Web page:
There is a typical way of talking about Jesus, he’s the Lord, or Saviour, Christ. Maybe even Jesus, my healer or teacher. But what about philosopher? I doubt that would wash in any contemporary church, but in ancient times it was a thing. From the start, Christianity was seen as a philosophy started by Jesus and it was in competition with the other major philosophical schools. Like the Stoics, who believed in fate and an ultimate God, and in the importance of controlling all your emotions to live a self-controlled life. Or the Epicureans, who believed in God or the gods but believed that they weren’t really interested in us or affected by us. That the goal of life was just to get on, minimising the experience of pain through the pursuit of earthly enjoyments like friendships, banqueting, and contemplating. The Apostle Paul clashed with precisely these two philosophical groups in the book of Acts, he’s in Athens and we read:
So Paul reasoned … in the marketplace day by day with those who happened to be there. A group of Epicurean and Stoic philosophers began to debate with him. Some of them asked, “What is this babbler trying to say?” Others remarked, “He seems to be advocating foreign gods.” They said this because Paul was preaching the good news about Jesus and the resurrection. [Acts 17:17-18]
Paul’s teaching was seen as a direct challenge to the two biggest philosophical schools of his day. In Athens he looked like a philosopher, with a philosophy derived from Jesus.
A couple of generations after Paul the greatest evangelist in the ancient world was Justine Martyr. He too described Christianity as the greatest philosophy. Justine wandered around dressed in the easily identifiable philosopher’s robe with the short cropped hair of the philosopher, taking on anyone who would debate with him concerning the big questions of philosophy: What is ultimate reality? How could we know? How do we live in accordance with it? That’s really what philosophy is about, that’s metaphysics, epistemology, and practical philosophy. Justine’s answer in the three writings he left for us was basically – the Creator is ultimate reality, the mind behind the logic of the universe; while we can know God through reason, we can only know God personally if he discloses himself to us and that’s what’s happened in Jesus Christ; and when we live in accordance with his revealed wisdom, his philosophy, we find ourselves living in harmony with ultimate reality. This is how many Christians in ancient times thought about Christianity and Jesus. As a philosophy from the greatest philosopher ever.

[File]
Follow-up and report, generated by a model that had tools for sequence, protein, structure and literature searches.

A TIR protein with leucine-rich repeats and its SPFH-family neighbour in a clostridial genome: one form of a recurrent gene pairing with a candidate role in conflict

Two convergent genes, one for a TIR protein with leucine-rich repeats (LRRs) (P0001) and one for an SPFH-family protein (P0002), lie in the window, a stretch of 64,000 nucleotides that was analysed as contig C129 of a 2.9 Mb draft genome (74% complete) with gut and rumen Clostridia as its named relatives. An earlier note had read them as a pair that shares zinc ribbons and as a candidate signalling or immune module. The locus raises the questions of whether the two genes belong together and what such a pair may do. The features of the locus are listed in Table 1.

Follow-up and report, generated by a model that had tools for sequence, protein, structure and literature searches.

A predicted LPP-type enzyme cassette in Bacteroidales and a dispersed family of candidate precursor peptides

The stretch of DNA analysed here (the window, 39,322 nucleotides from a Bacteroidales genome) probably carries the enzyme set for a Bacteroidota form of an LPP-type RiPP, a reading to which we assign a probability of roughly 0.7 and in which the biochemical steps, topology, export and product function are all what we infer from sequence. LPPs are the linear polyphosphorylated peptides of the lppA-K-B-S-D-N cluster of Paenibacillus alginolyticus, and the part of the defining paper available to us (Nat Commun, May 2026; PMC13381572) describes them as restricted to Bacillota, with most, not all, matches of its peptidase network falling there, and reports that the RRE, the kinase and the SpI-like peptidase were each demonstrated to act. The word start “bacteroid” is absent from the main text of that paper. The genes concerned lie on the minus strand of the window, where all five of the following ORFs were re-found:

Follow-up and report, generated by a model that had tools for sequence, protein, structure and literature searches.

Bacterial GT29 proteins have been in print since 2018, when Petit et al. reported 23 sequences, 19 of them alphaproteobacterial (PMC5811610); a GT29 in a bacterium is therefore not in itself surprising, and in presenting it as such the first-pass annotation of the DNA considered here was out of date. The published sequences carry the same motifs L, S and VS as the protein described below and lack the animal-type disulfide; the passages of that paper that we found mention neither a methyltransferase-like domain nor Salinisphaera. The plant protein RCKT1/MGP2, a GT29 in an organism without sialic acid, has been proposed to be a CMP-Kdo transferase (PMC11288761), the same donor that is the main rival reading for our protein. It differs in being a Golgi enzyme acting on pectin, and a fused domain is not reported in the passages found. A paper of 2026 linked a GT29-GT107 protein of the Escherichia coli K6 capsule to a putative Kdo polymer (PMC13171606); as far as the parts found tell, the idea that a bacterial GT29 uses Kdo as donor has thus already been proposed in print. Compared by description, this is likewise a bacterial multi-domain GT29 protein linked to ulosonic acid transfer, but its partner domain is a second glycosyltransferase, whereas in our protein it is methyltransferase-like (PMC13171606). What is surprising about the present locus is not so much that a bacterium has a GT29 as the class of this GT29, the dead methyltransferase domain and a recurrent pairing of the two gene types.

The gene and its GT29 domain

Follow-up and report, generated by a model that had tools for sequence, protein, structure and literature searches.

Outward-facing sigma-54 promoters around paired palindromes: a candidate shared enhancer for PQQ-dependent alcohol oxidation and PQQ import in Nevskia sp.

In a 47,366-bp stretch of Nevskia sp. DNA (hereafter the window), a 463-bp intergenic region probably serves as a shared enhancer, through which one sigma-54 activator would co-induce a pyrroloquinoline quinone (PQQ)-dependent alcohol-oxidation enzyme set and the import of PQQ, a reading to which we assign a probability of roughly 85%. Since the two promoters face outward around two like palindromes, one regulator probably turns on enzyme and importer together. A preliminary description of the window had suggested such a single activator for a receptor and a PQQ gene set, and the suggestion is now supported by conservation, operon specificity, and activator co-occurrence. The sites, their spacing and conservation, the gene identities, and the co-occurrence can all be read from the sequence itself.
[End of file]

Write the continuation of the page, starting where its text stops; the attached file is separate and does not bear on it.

One of the oldest churches ever uncovered is in Dura-Europos in Syria. It’s basically a house converted into a church, and has these marvelous frescoes still visible on the walls. And on one of them Jesus is depicted wearing the philosopher’s robe with the philosopher’s distinctive short haircut. This isn’t because they downplayed Jesus’ death as Saviour or resurrection as the Lord. It’s just that they also knew that a huge part of his mission throughout all of the gospels was to teach God’s comprehensive wisdom for life, to teach a philosophy. It’s something noted in one of our early non-Christian references to Jesus by Mara bar Serapion, who was himself a philosopher. He explicitly describes Jesus as a philosopher, he compares Jesus to Pythagorus and Socrates, two of the greatest philosophers of Ancient Greece. And then he says that following Jesus’ execution:
The wise king did not die out altogether. He lives on in the new law he laid down.
Jesus frequently casts his teaching as ‘wisdom’, that is the truth about what’s real in the world and how we live in the light of it. That’s the work of a philosopher. I count more than twenty references in the gospels to Jesus as ‘wise’ or his teaching as ‘wisdom’. That’s the Greek term sophía from which we get ‘philosophy’ the ‘love of wisdom’. There’s a really good book about all of this by Jonathan Pennington called Jesus the Great Philosopher published in 2020. The book is convincing about the idea of Jesus as a philosopher really was part of the ancient understanding of Jesus. In any case, the wisdom of Jesus the philosopher is nowhere more succinctly put than in a line from Luke 6:
Be merciful, just as your Father is merciful.
For Jesus, the most basic metaphysic is that there is a God of love and mercy
For Jesus, the most basic metaphysic is that there is a God of love and mercy, that’s the animating principle of the universe. And the wise life, the authentic life, the life in sync with ultimate reality? Is the life of love and mercy toward others. Ancient Christians spotted this as a philosophy, and they thought of Jesus as the greatest philosopher.
By John Dickson
The Greatest Philosopher